Existential Nihilism, Or Nothing Means Nothing
Symbolism, Imagery, Allegory
Seeing the Forest…
Okay, let's talk Kierkegaard. In order to understand Nothing, you need to understand that the first existentialist philosopher—that would be Kierkegaard—was from Denmark, so they take existentialism pretty seriously over there. Before you go throwing your hands up in the air and saying, "I didn't sign up for Philosophy 101," here's all you need to know: the basic tenet of existentialism is that it is entirely the responsibility of the individual to give life meaning.
"But wait!" you may be saying. "If Kierkegaard thought each individual created meaning for himself, why didn't Pierre Anthon choose to create his own meaning? Wouldn't that make his classmates right and Pierre Anthon wrong?"
Well, not exactly. Because, you see, Pierre Anthon's branch of existentialism is called existential nihilism, as written about by Jean-Paul Sartre and Friedrich Nietzsche. Basically, it's like you've gone on the fast track from becoming authentic and real to becoming jaded. You've discovered yourself, looked around you, and found that everything is pointless. And if you're Pierre Anthon, you've done it by the time you're 12.
So if we look at Nothing as an allegory for existential nihilism, Pierre Anthon represents the authentic individual, and Class 7A represents the masses of inauthentic individuals who are ruled by the fear of not fitting in. Existential nihilists believe that fear is responsible for faith in religion and the supernatural, and—as far as Pierre Anthon's concerned—in any belief that anything matters at all.
… For the Trees
The individual objects the students give up are little mini-allegories in themselves. If we go with the idea that fear drives belief in meaning ("ha! what nonsense!" says Pierre), it stands to reason that those who are willing to give up the most (or demand the most of others) are the most fearful. Two of the students who express a lot of fear when making their sacrifice to the heap of meaning are Hussain and Holy Karl. Not only do they fear what their gods will do to them, they fear what their parents will do to them, too.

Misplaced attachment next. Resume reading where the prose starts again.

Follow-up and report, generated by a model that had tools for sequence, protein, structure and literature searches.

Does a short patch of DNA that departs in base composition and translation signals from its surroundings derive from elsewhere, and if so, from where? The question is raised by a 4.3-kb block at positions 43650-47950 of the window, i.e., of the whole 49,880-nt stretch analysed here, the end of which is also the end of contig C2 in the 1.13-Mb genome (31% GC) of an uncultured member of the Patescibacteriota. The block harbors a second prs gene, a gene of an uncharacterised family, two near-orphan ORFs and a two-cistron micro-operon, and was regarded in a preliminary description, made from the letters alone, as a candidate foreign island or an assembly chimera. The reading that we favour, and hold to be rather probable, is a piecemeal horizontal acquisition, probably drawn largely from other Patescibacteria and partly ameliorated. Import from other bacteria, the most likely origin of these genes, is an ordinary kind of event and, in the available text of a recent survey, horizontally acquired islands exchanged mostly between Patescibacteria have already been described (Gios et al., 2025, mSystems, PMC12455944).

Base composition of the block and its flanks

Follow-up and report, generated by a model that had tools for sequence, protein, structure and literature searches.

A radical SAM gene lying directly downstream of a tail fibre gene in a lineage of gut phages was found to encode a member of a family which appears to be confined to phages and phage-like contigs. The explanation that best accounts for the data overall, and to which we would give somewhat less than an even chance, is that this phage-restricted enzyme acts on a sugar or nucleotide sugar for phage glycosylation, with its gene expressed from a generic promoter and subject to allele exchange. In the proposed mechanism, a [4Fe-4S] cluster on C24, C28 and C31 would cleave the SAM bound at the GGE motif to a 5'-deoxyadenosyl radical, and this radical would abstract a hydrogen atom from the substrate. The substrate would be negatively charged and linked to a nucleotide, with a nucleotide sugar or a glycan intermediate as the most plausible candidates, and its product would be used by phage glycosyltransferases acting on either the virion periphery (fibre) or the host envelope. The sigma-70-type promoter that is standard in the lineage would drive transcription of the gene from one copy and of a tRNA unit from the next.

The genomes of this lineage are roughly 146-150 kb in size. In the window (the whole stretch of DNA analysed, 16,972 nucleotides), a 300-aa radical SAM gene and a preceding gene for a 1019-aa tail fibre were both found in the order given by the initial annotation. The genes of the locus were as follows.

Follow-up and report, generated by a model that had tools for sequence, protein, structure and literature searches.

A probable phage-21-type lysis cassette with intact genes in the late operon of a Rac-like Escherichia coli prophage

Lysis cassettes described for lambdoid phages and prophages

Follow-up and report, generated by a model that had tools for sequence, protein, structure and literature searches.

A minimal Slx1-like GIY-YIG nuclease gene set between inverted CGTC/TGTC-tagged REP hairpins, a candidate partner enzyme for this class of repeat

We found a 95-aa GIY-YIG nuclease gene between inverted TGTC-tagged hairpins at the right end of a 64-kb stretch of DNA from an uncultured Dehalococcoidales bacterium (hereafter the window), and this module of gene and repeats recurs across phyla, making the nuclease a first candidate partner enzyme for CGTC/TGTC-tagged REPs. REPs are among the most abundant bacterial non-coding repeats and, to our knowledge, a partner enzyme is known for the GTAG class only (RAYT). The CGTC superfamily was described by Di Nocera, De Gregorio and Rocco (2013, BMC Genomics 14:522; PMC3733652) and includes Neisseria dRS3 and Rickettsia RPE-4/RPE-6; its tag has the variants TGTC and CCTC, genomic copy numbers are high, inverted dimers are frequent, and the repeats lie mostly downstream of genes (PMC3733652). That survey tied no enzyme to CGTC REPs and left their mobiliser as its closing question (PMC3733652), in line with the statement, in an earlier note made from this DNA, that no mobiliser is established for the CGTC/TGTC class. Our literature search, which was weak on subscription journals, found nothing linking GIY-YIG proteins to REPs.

As Agnes tells us after Hussain gives up his prayer mat, "He was not a good Muslim, his father had told him, and then he had beaten the life out of him. That wasn't the worst. The worst was that he wasn't a good Muslim. A bad Muslim! No Muslim! No one!" (12.3-6). Failing at your religion means not only losing your protection from fear but losing your identity as well. It's the same deal when Holy Karl has to give up Jesus on the Cross and he hides behind the altar, where Agnes tells us he "covered his ears and… howled."
The animal sacrifice that results from Holy Karl's attempt to avenge Jesus (when he makes Pretty Rosa cut off Cinderella's head) could be seen as an allegory for religion-driven war. The desire to get revenge on someone, even a dog, who defiled his god is just one step closer to everyone beating each other to a bloody pulp over, well, meaning itself.
And then there's the fact that Sofie's rape is one of the most shocking moments in the book. It's the point when you realize things have gone completely off the rails. What follows is a big bunch of Biblical vengeance—some real eye-for-an-eye action. Are you noticing yet that every time anyone thinks they know where the real meaning is—whether it's in sacrifice, religion, material objects, whatever—violence ensues?
To sum up this whole allegory and the individual allegories of the sacrifices in one sentence (stand back, we're gonna try it): one authentic individual who questions the authenticity of the things in which the masses find meaning can send people controlled by fear into a deadly rage.
Excuse us while we pause for a breath.